Among the projects she contributed to was the Field of Empty Chairs memorial in Oklahoma City. “We made those in 2000, so they have been up there almost 20 years without a crack,” she remembers. “It still looks great!”

Barbosa returned to Massachusetts, then started Duende Glass two and a half years ago. The company’s name comes from a term coined by Spanish poet Federico Garcia Lorca. “‘Duende’ translates from Spanish into elf or tiny demon,” Barbosa relates. “There is a playfulness in duende that’s taking glass and adding the unnamable essence that makes it special.”

It’s a complex journey to usher a job from its planning stages to the completed product. “The process from idea to finish can range from two to 40 years for certain projects,” says Barbosa. “So in the turnaround of me meeting the architect to the project coming to fruition, there’s a delay.”

The first stage is a consultation to translate what the customer wants into a proposed finished product. “It depends on what the client is suggesting and what I see in their heart,” she reveals. “We go back and forth on textures and speculations on size and thickness.”

Once details have been determined, then comes the manufacturing step, which Barbosa clearly relishes. “It’s fun to work with big glass companies because I am kind of pushing their limits into unconventional combinations of techniques. But they have all the tools, and I have this artist’s mind that comes in and pushes their envelope. The proof is in the pudding, and we create something that’s really cool.”

One of Barbosa’s favorite projects has been her recent “House of Glass” at Haskell Public Gardens in New Bedford, funded by grants from the city’s Local Cultural Council and the United Way. The installation involved adding jewel-toned panels to a spacious greenhouse on the property.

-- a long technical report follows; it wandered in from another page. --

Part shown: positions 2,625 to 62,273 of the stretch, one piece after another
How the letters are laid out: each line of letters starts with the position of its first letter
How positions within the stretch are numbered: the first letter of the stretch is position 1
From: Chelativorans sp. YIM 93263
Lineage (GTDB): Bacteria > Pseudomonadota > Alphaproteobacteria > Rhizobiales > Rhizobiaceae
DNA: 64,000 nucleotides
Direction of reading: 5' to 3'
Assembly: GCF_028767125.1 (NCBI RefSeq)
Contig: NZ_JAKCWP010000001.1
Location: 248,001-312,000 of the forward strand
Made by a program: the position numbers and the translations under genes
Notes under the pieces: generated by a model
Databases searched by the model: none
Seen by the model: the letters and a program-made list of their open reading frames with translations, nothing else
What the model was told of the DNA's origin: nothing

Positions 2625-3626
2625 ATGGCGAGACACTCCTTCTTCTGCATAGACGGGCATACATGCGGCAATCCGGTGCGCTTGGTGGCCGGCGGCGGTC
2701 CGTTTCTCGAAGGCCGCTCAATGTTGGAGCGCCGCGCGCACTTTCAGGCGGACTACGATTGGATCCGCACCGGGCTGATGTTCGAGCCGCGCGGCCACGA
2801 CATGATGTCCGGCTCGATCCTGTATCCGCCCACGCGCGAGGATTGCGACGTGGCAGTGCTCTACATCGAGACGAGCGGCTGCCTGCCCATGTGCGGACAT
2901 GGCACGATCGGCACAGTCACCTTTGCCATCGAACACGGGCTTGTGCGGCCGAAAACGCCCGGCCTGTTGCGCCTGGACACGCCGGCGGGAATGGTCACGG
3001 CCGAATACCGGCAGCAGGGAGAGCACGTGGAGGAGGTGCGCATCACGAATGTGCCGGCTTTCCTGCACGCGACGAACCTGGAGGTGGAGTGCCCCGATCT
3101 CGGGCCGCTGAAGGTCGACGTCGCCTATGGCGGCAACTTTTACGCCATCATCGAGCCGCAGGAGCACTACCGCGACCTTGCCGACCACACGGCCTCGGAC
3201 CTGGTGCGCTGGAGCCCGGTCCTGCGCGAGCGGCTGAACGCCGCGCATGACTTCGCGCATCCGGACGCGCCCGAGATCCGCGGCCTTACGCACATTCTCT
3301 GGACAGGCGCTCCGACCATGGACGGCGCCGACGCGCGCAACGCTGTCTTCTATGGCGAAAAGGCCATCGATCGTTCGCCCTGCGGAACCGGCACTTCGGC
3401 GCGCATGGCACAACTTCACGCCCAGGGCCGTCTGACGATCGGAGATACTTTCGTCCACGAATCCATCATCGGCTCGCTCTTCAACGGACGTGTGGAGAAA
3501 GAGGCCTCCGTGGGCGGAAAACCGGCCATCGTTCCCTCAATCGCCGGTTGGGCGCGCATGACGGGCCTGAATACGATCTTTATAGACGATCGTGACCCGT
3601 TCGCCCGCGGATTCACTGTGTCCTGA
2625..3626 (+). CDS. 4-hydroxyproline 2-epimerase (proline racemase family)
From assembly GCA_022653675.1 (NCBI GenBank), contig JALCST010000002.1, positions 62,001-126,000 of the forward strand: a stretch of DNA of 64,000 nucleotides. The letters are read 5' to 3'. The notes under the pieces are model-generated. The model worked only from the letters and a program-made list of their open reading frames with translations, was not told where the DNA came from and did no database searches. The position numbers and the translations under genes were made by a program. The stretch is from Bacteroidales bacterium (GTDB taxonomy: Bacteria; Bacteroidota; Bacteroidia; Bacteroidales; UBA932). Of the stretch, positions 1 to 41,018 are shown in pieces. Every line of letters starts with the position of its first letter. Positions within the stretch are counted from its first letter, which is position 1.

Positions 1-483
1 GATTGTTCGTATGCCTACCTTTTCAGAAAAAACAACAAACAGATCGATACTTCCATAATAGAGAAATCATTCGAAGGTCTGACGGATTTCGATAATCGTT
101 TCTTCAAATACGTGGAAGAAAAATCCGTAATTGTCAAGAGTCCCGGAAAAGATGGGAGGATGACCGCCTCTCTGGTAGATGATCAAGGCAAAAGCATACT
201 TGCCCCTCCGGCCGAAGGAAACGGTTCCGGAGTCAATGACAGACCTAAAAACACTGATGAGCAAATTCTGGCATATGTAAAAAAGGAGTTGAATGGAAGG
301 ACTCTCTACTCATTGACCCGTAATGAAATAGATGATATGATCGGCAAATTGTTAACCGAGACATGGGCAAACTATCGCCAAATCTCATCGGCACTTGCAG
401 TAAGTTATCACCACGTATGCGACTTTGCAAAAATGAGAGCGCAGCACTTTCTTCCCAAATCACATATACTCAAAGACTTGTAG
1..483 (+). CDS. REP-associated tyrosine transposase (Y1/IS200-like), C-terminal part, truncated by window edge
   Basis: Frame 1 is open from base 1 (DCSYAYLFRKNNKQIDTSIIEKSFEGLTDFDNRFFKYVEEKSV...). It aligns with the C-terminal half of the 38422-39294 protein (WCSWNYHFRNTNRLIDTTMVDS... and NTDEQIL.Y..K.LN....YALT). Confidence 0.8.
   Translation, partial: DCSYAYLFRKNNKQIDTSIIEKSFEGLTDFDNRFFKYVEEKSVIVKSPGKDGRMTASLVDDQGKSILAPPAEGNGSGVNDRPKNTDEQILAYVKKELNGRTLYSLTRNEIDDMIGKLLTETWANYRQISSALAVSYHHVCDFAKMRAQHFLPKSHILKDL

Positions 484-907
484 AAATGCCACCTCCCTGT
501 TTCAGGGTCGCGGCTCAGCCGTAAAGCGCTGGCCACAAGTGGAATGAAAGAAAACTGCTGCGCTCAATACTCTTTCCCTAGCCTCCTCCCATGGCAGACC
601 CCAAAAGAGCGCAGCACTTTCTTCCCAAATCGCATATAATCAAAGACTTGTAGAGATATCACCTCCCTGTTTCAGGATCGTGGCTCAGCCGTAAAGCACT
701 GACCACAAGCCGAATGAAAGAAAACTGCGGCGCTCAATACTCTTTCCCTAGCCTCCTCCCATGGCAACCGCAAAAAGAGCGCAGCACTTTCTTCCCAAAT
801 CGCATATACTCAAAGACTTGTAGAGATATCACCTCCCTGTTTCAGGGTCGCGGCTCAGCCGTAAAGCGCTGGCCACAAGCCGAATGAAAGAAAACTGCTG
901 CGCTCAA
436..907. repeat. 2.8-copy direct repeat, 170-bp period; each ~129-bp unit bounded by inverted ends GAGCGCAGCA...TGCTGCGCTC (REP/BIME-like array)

“It’s this surprise when you’re walking the grounds,” Barbosa says with a smile. “You don’t expect to see color like that.”

Another favorite assignment was the stained-glass privacy window she created for a new mammography unit at Saint Mary’s Hospital in Connecticut. The design featured pink ribbons floating through the air.

“So the women who are waiting for their exam, they have privacy, but the light comes through,” Barbosa details. “It feels like somebody cared when they designed the place. It helps patients feel like they are being taken care of, and it shows the employees that they are doing something special.”

Among Barbosa’s current works in progress is the creation of glass railings for Encore Boston Harbor, a new luxury resort and casino in Everett.

Duende Glass is a perfect blend of Barbosa’s free-spirited imagination and her solid technical expertise. “I enjoy the promise of creating well-designed glass that fits into a structure and has an emotional impact,” she says. “I enjoy creating things that will outlast time and the elements.”

Duende Glass is located in Studio 306 at Hatch Street Studios at 88 Hatch Street in New Bedford. A portfolio of projects is available at DuendeGlass.com. Tracy Barbosa can be reached at 508.971.3223 or info@duendeglass.com.